Cybersecurity has evolved significantly over the past decade. Gone are the days when only large scale enterprises became the target of such attacks. Today, even mid-size businesses and small businesses are not safe. Previously cybersecurity attacks were conducted by rogue individuals and young adults but today, they are conducted by organized groups of hackers and cybercriminals.
Apart from hitting low profile targets such as small businesses, cybercriminals are now focusing their attention more on sensitive systems such as health care and power grids as well. They are also targeting the weakest link in the cybersecurity chain which is people.
Kevin Mitnick, CEO and chief of White Hat Hacker sheds light on why businesses fall victim to cybersecurity attacks when he said, “Companies spend millions of dollars on firewalls and secure access devices and this money goes to waste because none of these measures addresses the weakest link in the security chain: the people who use, administer and operate the computer systems. ”
In this article, you will learn about six things every small and mid-size business should know.
If your small and mid-size business wants to protect itself from data breaches and cyber-attacks, it is important to have an IT policy. Prepare a comprehensive document that covers all the bases and make it easy to read and understand for your employees. Your IT policy should cover everything from password policy, social media guidelines, network security, data protection, disaster recovery and incident response mechanism to name just a few. In order to minimize damage and mitigate risks, you need to take a proactive approach to cybersecurity and be prepared for cyber attacks.
Here are eight elements of the IT security policy that you should focus on.
● Have a purpose
● Target audience
● Information security objectives
● Access Control
● Data classifications
● Support and operations
Why do you want to create an IT policy? Clearly highlight the purpose of the policy and highlight the security objectives. Who you are creating the policy for? Is it your employees, vendors or partners? Your IT policy should also define roles and lay down the access control policies. Classify data into different categories as it makes it easy to manage.
The most common types of attacks launched against small businesses are phishing attacks. In these social engineering attacks, a hacker poses to be one of your suppliers or co-workers and tricks you into sharing your sensitive details with them. Most cyber-attacks that affect businesses begin with phishing.
As a business, you need to make your employees understand the real threats of phishing emails so they don’t fall prey to such treachery from cybercriminals. Tell them about the warning signs and encourage them to raise the red flag as soon as they see any of those warning signs. Always check the sender detail and keep an eye out for spelling errors and special characters in email addresses.
According to cybersecurity statistics:
● The average cost of cybercrime for each company increased by 12% from $11.7 million to $13 million.
● The average cost of a malware attack is $2.6 million
● The average cost of a data breach is $3.92 million
● The average cost of a ransomware attack is $133,000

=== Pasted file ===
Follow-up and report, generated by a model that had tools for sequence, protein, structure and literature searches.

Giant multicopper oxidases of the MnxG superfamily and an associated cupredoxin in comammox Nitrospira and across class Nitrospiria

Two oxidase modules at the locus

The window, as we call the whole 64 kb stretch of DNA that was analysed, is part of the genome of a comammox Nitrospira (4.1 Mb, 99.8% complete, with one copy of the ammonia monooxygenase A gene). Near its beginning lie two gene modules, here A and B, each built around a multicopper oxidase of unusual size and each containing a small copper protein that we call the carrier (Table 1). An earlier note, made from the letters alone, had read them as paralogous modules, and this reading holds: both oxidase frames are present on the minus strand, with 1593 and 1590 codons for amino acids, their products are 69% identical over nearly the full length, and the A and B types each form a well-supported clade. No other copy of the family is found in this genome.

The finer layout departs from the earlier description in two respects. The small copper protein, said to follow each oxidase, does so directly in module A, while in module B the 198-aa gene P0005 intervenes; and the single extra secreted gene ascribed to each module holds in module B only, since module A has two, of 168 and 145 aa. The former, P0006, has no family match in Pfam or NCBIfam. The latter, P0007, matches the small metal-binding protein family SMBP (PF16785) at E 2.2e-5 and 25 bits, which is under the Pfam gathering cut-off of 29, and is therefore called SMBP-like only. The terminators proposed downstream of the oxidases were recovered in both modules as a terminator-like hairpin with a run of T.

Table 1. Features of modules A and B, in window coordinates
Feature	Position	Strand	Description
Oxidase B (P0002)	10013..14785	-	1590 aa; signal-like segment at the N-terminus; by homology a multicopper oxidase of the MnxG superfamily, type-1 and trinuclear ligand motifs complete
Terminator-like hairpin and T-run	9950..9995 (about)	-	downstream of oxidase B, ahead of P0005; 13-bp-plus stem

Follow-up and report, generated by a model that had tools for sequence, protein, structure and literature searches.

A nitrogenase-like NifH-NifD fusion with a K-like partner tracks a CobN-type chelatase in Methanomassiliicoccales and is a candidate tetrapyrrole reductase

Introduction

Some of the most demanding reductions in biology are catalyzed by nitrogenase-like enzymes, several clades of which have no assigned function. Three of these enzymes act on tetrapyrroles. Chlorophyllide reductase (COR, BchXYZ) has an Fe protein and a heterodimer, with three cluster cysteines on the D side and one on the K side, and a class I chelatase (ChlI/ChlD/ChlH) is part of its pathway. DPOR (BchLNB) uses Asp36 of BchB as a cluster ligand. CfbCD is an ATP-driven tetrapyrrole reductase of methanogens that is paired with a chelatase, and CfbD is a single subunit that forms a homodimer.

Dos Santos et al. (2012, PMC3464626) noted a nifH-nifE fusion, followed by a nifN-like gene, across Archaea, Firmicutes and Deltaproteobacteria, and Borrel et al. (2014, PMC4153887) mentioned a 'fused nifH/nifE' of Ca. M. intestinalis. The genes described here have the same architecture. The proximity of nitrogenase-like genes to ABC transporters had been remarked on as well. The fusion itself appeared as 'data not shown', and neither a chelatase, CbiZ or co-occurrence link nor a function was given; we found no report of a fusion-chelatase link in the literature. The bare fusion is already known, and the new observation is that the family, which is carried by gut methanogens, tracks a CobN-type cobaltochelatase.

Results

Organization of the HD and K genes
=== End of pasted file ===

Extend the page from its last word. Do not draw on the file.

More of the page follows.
● The average cost of every record stolen is $150
Prevention is better than cure. You might have heard it from a medical practitioner but that also holds true in the case of cybersecurity. Businesses need to understand that the cost of preventing a cyber attack is much lower than the actual cost of damages caused due to cyber attack. Apart from the usual antivirus, install a firewall to ensure only legitimate traffic enters your network. Make sure you keep your antivirus and other security programs up to date otherwise, it won’t be able to protect you from zero-day attacks. Make it difficult for cybercriminals to get access to your sensitive data by following best cybersecurity practices.
Many small to midsize businesses suffer because they rarely back up their data. When they come under a cybersecurity attack, they have nothing to fall back on and are at the mercy of hackers and criminals. Where would your business stand if you end up losing your most sensitive business data? What if you are unable to access some critical business data? With ransomware attacks becoming more and more common, businesses have no choice but to back up their data. You can use a hybrid approach and migrate some of your data to the cloud or DDoS protected servers for added security.
The easiest way to make it tough for hackers to get access to your data is to implement two-factor authentication. Yes, it might be a little inconvenient for your employees as they have to go through an extra step to access their emails but it also makes it more secure. This will add an extra layer of security and ensure that hackers won’t be able to access your sensitive data even if they guess your password. It is a small compromise your employees have to make for the greater good of your business and small businesses should convey that to their employees. Force your employees to use strong passwords with a combination of alphanumeric and special characters.
Last but certainly not least is to test the strength of your security systems. You can hire an ethical hacker or a cybersecurity professional to attack your system. This will help you identify the loopholes in your cybersecurity systems and fix those vulnerabilities before hackers can exploit them. By testing your security systems, you can also train your employees regarding phishing attacks. This will increase awareness and minimize the risk of your employees falling prey to social engineering attacks. Test the strength of your security systems twice a year.
How do you protect your small and midsize business from cybersecurity attacks? Feel free to share it with us in the comments section below.